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Harpeth Hall Pays Respects

Maggie Tattersfield, Staff Writer

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On Friday, February 23, 2018, Upper School students gathered in lines by grade on Souby Lawn, clad in freshly pressed white Oxford shirts and Campbell plaid. We were to be transported to St. George’s Episcopal Church for the funeral service of our beloved Dr. Stephanie Balmer, Head of School.

It was announced at 5:00 pm on Thursday, February 15, 2018 that Dr. Balmer had been admitted into the hospital with onset liver failure due to a recurrence of breast cancer in the liver, and we lost her just two days later. On Thursday, February 22, alumni, parents, former faculty, and other members of our community were welcomed to the Athletic and Wellness building to celebrate the life of Dr. Balmer. The funeral service was held the following afternoon.

In stark contrast to the formal black funeral attire, I sat with the members of the Upper School in a sea of white shirts. An estimated 1,200 people were in attendance. Hymns were sung, tears were shed, and Mrs. Emily Cate Tidwell, Mr. Michael Miller, and Rev. R. Leigh Spruill all spoke about Dr. Balmer’s life and impact.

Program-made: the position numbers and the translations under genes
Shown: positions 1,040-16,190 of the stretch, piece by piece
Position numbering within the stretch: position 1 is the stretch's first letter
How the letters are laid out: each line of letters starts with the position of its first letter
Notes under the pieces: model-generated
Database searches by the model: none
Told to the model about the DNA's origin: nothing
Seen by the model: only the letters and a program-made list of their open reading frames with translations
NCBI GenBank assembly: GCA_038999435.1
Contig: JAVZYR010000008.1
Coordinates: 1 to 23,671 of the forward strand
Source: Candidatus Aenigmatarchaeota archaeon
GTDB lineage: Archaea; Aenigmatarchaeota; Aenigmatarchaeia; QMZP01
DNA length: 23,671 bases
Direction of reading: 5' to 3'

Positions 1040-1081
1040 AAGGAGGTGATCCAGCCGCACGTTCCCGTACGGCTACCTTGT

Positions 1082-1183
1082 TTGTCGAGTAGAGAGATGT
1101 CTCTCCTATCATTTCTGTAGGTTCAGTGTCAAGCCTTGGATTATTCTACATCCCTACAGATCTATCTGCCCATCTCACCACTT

Mrs. Tidwell spoke of Dr. Balmer’s impact on the students and faculty of Harpeth Hall. Mrs. Tidwell’s speech allowed us all to reflect on our own experiences with Dr. Balmer: she was a star. Mr. Miller, however, gave us all an insight into Dr. Balmer’s life that was unfamiliar to the Harpeth Hall students. He spoke of her childhood and youth, as well as her life with Mr. Lauren Balmer and the welcoming of their daughter, Isabel Balmer (class of 2020), in 2002. In the homily, Rev. R. Leigh Spruill reflected on the overwhelming impact Dr. Balmer had on Nashville and the continuation of her legacy. These addresses all illuminated three different perspectives that shared the same conclusion: Dr. Balmer impacted everything she touched.

As the service ended, in a moment of reflection, I turned to the back of the church. I recognized familiar faces: recent graduates, not-so-recent graduates, and parents. I saw the faces of my fellow students. I saw people that I considered total strangers, but this is Dr. Balmer’s impact: they didn’t feel like strangers. We were all there for her.

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